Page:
All of this information, including the video or photo itself, could then be automatically uploaded to Susan's account on a social media service providing the capability of storing and sharing SEPs and SEVs. The same method could be used to simultaneously record information transmitted optically by each member of a group of people, by taking a single photo or video of the group, with each person using his or her smartphone to transmit the desired information into the optical receiver of the person taking the picture or video. An advantage of this method is that, in some embodiments, the horizontal and vertical position of each optical transmitter within the recorded imagery may also be captured, so that the each person's recorded video or photographic images could be correctly associated with the information he or she transmitted optically.

In some embodiments, the above features may be implemented in a new social media service, rather than utilize existing social media platforms (e.g., Facebook®). For example, a new social media service could be created that may be devoted to sharing SEPs and SEVs rather than conventional photos and videos.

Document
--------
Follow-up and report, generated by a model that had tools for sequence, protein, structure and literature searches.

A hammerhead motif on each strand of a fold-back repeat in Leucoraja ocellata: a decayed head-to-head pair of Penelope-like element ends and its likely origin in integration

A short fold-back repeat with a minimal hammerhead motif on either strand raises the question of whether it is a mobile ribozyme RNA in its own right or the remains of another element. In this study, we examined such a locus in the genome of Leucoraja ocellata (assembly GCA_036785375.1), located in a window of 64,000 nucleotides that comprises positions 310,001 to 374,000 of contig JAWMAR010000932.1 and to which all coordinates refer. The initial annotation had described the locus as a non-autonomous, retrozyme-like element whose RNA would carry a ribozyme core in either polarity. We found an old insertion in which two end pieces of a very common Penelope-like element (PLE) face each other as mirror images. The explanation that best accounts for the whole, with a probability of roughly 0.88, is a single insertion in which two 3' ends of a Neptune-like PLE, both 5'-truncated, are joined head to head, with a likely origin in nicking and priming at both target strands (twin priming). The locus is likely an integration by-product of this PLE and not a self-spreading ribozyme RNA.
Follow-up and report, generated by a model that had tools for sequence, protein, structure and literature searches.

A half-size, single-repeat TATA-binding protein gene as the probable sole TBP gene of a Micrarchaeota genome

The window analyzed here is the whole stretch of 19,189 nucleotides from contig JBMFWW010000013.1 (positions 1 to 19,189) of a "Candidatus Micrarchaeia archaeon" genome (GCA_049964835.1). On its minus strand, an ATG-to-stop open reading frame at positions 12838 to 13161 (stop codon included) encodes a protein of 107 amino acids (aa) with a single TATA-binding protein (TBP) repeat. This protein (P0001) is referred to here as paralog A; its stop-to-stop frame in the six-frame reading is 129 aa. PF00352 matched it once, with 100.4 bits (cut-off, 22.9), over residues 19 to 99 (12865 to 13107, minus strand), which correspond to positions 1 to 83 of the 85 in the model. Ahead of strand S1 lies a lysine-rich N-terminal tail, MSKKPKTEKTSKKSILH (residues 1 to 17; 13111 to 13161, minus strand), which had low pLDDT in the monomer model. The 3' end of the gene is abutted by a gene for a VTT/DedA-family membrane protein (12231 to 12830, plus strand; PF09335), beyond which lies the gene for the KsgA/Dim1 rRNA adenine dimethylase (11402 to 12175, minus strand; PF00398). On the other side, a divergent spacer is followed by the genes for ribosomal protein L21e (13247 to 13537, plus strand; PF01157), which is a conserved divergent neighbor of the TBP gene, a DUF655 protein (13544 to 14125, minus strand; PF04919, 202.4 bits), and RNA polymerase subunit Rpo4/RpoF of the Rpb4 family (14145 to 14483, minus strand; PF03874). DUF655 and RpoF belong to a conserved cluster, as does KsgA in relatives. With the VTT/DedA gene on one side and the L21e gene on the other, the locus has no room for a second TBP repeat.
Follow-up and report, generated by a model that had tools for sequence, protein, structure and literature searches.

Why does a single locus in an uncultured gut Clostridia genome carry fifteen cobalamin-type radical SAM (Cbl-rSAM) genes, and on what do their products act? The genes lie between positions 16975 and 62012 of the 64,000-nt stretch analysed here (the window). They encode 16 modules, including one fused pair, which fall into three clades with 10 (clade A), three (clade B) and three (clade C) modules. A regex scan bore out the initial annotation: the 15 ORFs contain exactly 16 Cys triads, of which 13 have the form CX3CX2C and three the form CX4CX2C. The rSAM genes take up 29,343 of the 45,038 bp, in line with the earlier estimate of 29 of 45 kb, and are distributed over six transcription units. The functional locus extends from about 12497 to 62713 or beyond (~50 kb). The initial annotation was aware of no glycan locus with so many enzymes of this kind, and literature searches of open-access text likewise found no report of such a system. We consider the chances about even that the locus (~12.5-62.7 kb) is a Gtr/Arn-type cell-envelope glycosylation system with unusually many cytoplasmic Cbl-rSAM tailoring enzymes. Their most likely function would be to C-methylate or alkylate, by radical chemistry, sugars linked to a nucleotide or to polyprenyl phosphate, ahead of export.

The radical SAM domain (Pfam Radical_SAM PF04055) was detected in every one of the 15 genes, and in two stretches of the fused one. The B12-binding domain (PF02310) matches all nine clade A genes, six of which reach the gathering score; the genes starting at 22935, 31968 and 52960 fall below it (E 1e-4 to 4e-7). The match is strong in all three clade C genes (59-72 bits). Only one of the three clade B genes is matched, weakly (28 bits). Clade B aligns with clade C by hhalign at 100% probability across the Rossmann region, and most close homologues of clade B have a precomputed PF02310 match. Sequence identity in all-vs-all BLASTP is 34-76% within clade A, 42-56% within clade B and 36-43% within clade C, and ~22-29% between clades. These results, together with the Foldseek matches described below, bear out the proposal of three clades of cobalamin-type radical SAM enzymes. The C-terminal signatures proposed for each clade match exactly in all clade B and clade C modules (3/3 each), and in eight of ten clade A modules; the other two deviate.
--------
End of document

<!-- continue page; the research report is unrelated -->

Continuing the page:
In some embodiments, the new social media service discussed above could be given an appropriate name, such as Optigram, and could be capable of displaying and extracting embedded information from SEPs and SEVs. This may provide a new dimension to social networking having great appeal to many users. For the first time, information about people in photographs and videos could be conveniently received optically and automatically stored in image and video files. After sharing these files using the social media service, the embedded information could be conveniently accessed by users. Additionally, information received from optical transmitters mounted on nearby fixed structures (e.g., shops, restaurants, billboards, and homes) and vehicles (e.g., buses, trucks, and cars) could also be automatically incorporated into shared photos and videos. The social media service may also provide a search capability allowing users to search for shared media with embedded content relating to persons, businesses, geographical locations of interest, etc. (If desired, any user could use privacy settings to limit the ability of strangers to perform searches for information regarding himself.)